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Publication numberUS20080267172 A1
Publication typeApplication
Application numberUS 11/902,861
Publication dateOct 30, 2008
Filing dateSep 26, 2007
Priority dateSep 26, 2006
Also published asEP2074840A2, US20080259908, US20080261619, WO2008039469A2, WO2008039469A3
Publication number11902861, 902861, US 2008/0267172 A1, US 2008/267172 A1, US 20080267172 A1, US 20080267172A1, US 2008267172 A1, US 2008267172A1, US-A1-20080267172, US-A1-2008267172, US2008/0267172A1, US2008/267172A1, US20080267172 A1, US20080267172A1, US2008267172 A1, US2008267172A1
InventorsJohn Hines, Darrin Johnson, Jonathan Croy
Original AssigneeHines John G, Darrin Johnson, Croy Jonathan A
Export CitationBiBTeX, EndNote, RefMan
External Links: USPTO, USPTO Assignment, Espacenet
Location object proxy broker
US 20080267172 A1
Abstract
The function of determination of location is separated from the function of gathering information based on determined location by use of a Location Object (LO) proxy between an initiating VoIP capable device and a positioning center. The LOProxy queries an appropriate location database using a location key, and injects a PIDF-LO into a routing SIP message otherwise without location. A SIP request without location is received from a VoIP capable device. The SIP request contains messages indicating the type of location generator or service needed. A location key (like a telephone number or SIP URI), in addition to the type of location generator or service needed, is included in a SIP request. A location object (LO) broker may be used between a routing SIP message and a positioning center to direct a routing SIP message to an appropriate one of a plurality of location object (LO) proxies.
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Claims(7)
1. A method for adding a standard presence information data format location object (PIDF-LO) data element to a SIP message comprises:
receiving an inbound SIP message without location from a VoIP capable device, said SIP message containing an indication as to a type of location generator or service requested; and
using a unique location key in addition to the said type of location generator or service needed to add a PIDF-LO (LO) to said SIP message.
2. The method for adding a standard presence information data format location object (PIDF-LO) data element to a SIP message according to claim 1, wherein said unique location key comprises:
a telephone number.
3. The method for adding a standard presence information data format location object (PIDF-LO) data element to a SIP message according to claim 1, wherein said unique location key comprises:
a SIP uniform resource identifier (URI).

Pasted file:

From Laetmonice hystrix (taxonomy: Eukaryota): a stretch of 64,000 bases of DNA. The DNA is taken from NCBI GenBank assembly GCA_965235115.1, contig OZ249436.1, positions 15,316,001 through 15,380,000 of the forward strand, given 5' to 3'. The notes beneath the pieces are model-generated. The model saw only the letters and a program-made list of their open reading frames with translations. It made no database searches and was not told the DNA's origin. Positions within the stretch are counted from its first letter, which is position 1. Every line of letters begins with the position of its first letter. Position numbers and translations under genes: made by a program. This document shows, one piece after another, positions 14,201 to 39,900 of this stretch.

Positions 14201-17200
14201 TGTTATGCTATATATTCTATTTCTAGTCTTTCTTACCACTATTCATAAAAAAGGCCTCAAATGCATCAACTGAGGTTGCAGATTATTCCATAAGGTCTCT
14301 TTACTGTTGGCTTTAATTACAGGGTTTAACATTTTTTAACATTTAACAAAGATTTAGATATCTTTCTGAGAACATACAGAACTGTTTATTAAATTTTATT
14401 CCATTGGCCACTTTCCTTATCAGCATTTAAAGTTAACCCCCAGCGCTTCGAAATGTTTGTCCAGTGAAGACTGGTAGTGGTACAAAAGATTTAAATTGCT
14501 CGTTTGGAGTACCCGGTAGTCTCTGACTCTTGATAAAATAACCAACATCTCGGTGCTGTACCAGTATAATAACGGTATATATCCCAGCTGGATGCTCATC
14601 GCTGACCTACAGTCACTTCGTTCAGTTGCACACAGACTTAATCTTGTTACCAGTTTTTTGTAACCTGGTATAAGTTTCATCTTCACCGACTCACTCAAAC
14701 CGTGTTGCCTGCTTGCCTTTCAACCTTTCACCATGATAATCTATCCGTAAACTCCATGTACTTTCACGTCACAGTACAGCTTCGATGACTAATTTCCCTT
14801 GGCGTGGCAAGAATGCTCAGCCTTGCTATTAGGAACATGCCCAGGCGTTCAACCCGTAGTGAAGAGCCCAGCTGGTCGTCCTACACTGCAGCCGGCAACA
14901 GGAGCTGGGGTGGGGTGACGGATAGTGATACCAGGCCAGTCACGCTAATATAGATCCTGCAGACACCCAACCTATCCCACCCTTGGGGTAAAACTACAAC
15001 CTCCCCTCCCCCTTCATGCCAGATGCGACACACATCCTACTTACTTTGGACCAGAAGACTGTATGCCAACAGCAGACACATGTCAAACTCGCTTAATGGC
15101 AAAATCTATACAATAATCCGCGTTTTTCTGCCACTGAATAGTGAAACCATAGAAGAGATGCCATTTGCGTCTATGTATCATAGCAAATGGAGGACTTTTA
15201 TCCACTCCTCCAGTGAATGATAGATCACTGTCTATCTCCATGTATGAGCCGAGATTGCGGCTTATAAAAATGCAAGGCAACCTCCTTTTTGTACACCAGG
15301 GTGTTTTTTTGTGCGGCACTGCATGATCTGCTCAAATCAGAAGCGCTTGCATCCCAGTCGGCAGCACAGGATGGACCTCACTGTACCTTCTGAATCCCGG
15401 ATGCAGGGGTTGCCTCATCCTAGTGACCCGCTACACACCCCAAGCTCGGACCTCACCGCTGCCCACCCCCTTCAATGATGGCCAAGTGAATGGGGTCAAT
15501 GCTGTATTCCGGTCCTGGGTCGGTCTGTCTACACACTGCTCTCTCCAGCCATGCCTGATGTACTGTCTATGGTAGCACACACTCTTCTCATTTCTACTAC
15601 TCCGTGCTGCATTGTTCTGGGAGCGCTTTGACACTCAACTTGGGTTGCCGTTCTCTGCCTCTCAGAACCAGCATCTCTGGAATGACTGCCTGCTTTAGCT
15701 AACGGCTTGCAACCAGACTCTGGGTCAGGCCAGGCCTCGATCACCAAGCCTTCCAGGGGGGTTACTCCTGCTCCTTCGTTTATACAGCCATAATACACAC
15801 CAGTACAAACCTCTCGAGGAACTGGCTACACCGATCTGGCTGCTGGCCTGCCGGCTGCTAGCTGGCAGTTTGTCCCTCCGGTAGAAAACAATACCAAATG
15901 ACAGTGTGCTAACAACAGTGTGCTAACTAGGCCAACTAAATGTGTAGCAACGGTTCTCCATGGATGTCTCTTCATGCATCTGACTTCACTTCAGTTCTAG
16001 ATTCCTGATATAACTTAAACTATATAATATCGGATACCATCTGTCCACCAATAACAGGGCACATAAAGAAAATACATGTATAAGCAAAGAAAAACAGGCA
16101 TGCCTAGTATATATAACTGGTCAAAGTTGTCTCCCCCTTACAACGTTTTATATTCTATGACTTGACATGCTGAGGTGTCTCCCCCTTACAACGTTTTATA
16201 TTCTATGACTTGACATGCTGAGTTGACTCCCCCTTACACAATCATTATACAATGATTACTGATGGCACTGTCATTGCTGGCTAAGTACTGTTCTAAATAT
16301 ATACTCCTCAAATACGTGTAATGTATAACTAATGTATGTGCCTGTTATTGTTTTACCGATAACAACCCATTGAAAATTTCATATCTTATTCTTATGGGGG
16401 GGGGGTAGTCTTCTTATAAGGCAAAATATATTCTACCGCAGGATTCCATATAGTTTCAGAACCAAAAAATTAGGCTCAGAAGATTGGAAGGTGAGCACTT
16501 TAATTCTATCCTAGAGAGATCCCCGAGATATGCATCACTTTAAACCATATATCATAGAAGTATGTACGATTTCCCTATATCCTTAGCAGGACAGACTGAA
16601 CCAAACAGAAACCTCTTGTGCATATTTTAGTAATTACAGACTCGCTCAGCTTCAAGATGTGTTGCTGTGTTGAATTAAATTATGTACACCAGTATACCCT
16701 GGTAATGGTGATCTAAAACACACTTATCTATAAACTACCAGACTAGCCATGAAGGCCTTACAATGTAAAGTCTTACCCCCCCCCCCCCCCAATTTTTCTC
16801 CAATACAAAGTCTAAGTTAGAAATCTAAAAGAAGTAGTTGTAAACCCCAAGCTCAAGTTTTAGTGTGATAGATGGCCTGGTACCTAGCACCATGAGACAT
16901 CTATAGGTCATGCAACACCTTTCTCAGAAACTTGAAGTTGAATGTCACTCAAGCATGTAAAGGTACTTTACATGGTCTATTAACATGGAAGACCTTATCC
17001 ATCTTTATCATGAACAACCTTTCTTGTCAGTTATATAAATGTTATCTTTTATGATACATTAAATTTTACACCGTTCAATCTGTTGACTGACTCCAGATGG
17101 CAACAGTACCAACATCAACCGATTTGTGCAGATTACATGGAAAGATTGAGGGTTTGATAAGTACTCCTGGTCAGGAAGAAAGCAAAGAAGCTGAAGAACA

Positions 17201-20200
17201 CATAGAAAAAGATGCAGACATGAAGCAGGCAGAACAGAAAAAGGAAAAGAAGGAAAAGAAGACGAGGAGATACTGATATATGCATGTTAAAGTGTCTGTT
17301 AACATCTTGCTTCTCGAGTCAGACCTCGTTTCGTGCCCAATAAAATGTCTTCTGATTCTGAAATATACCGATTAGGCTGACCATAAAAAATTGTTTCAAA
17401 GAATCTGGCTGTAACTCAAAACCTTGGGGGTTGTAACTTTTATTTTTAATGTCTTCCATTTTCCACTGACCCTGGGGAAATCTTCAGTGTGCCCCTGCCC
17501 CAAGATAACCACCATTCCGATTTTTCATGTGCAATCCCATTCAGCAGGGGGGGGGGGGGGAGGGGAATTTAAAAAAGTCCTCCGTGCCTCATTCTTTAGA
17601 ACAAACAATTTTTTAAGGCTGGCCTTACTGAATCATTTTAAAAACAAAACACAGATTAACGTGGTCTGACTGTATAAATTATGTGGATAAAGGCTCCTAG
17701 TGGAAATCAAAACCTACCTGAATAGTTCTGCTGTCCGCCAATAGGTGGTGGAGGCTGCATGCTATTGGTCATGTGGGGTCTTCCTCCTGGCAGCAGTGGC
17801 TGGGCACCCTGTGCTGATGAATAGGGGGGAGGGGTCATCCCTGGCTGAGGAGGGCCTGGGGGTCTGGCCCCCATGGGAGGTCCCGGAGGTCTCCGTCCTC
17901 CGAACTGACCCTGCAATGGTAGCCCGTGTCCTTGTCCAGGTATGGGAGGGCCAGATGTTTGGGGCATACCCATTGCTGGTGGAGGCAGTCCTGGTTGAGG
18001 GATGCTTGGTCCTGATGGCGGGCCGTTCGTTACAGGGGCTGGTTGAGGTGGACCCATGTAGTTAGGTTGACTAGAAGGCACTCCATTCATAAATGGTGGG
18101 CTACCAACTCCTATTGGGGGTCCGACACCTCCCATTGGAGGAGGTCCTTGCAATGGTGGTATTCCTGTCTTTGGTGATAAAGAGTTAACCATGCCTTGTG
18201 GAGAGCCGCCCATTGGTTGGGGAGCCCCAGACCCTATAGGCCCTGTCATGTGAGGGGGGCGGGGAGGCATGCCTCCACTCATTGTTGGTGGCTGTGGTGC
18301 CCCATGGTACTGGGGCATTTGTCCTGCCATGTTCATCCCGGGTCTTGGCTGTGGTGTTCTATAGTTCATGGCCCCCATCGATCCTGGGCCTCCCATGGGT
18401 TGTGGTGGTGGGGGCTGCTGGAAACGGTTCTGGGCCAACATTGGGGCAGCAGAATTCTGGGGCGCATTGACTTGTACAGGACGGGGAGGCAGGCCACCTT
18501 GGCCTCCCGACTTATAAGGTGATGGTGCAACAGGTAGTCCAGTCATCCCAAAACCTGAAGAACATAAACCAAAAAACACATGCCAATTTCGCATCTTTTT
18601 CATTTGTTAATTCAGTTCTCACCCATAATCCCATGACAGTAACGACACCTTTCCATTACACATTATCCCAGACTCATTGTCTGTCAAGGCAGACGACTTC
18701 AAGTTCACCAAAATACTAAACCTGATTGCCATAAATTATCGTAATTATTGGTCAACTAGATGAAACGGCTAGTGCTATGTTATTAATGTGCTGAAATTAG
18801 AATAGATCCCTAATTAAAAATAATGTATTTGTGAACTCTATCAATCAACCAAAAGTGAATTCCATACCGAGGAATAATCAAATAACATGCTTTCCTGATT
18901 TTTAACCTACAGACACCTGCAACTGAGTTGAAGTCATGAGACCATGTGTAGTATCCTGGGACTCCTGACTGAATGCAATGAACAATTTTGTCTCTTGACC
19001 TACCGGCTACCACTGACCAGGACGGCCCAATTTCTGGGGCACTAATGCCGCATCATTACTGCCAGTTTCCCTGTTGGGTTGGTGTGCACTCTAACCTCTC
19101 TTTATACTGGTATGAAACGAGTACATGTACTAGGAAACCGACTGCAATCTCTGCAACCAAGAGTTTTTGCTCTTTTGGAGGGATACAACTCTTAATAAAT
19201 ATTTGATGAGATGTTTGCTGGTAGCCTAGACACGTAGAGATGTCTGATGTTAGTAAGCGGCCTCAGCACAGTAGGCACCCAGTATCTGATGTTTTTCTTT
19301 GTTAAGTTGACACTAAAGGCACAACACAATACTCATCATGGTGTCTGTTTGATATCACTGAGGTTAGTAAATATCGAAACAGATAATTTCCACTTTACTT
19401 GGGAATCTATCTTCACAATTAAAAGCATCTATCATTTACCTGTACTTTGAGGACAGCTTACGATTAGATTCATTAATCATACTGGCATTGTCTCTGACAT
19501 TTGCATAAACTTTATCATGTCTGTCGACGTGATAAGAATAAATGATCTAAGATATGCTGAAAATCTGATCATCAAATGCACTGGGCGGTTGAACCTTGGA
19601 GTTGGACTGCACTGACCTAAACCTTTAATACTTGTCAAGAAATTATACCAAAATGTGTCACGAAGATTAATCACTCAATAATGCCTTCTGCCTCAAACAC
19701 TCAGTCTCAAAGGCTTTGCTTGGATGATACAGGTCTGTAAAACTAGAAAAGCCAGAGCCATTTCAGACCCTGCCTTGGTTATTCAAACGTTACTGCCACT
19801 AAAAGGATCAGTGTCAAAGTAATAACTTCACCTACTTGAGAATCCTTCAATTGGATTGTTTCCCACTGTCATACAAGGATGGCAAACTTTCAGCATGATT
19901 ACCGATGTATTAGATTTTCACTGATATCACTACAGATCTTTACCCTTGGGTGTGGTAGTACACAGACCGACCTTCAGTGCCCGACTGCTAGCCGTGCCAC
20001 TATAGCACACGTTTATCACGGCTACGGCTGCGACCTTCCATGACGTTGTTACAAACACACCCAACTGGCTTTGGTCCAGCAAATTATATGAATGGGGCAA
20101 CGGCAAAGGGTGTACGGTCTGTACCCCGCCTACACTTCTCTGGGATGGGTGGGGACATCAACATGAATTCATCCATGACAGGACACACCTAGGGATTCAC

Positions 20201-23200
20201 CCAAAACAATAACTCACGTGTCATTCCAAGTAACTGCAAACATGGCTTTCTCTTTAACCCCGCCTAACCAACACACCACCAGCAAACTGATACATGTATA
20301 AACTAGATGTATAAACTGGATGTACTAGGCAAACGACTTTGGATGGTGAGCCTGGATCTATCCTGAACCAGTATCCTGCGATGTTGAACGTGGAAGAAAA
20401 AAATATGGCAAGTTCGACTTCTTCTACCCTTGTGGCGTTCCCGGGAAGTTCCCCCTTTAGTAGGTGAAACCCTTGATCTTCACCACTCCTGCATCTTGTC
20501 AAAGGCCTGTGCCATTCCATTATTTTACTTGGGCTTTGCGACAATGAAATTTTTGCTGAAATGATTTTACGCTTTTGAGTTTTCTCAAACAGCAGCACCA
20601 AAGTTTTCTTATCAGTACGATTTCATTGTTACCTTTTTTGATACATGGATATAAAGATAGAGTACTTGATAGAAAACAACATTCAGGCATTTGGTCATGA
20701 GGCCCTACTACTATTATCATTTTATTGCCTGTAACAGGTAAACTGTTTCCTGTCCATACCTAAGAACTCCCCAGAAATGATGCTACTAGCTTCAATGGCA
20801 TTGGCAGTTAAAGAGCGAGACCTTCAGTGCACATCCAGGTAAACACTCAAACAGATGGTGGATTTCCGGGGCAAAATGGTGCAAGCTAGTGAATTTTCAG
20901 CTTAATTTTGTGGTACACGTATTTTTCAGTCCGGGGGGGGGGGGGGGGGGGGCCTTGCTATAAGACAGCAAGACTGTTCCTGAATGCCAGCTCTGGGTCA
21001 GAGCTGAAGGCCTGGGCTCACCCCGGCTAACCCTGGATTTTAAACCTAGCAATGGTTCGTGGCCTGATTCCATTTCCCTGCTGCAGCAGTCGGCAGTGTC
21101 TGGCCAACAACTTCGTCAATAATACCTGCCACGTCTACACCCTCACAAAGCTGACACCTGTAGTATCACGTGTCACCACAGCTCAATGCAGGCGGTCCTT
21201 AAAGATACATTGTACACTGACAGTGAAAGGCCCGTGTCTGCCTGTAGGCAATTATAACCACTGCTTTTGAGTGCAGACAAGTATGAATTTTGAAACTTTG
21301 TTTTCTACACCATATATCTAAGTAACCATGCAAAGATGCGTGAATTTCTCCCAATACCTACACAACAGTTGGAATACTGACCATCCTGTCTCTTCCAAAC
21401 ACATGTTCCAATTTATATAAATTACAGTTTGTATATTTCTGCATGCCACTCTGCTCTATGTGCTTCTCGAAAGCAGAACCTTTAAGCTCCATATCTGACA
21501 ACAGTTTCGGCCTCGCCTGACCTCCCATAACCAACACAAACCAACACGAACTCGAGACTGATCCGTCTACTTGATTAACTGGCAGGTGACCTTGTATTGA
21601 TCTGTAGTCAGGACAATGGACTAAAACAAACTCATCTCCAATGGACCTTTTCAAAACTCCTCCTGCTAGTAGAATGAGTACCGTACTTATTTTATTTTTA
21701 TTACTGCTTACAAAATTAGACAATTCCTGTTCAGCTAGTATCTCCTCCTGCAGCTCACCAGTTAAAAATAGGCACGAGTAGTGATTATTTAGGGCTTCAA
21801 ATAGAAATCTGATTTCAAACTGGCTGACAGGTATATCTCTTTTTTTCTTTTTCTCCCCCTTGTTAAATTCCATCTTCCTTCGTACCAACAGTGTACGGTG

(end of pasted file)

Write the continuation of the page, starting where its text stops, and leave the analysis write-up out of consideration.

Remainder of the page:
4. Apparatus for adding a standard presence information data format location object (PIDF-LO) data element to a SIP message comprises:
means for receiving an inbound SIP message without location from a VoIP capable device, said SIP message containing an indication as to a type of location generator or service requested; and
means for adding a PIDF-LO (LO) to said SIP message, using a unique location key in addition to the said type of location generator or service needed.
5. The apparatus for adding a standard presence information data format location object (PIDF-LO) data element to a SIP message according to claim 4, wherein said unique location key comprises:
a telephone number.
6. The apparatus for adding a standard presence information data format location object (PIDF-LO) data element to a SIP message according to claim 4, wherein said unique location key comprises:
a SIP uniform resource identifier (URI).
7. A method for directing a routing SIP message to a proper location object proxy, comprising:
injecting a location object (LO) broker between a routing SIP message and a positioning center required to gather location information relating to a location of an initiator of said SIP message;
determining an appropriate one of a plurality of location object (LO) proxies to handle said routing SIP message; and
directing said routing SIP message to said determined appropriate one of said plurality of location object (LO) proxies.
Description
BACKGROUND OF THE INVENTION

1. Field of the Invention

This invention relates generally to communications networks. More particularly, it relates to telecommunications networks including Voice Over Internet Protocol (VoIP) network communications, as well as to the provision of location based services (LBS).

2. Background of the Related Art

Session Initiation Protocol (SIP) is a basic protocol for initiating interactive communication sessions (e.g., voice, video, chat, interactive games, virtual reality, etc.) between users. In given SIP-based applications, location of a particular wireless device is desired or required.

Currently, location and other caller-related data for the majority of calls (VoIP, cellular, or landline) is delivered or determined through multiple mechanisms. For instance, location and other data for the majority of calls is determined via the use of a unique query key (such as the telephone number or uniform resource identifier (URI)) to perform a database lookup. In these architectures, the unique query key (e.g., telephone number or URI) is used as a lookup element to query provisioned, staged or static information (e.g., from a suitable database) outside of the actual call signaling for location information.

FIG. 5 shows a conventional exemplary Voice over Internet Protocol (VoIP) based routing architecture for a given Session Initiation Protocol (SIP) message.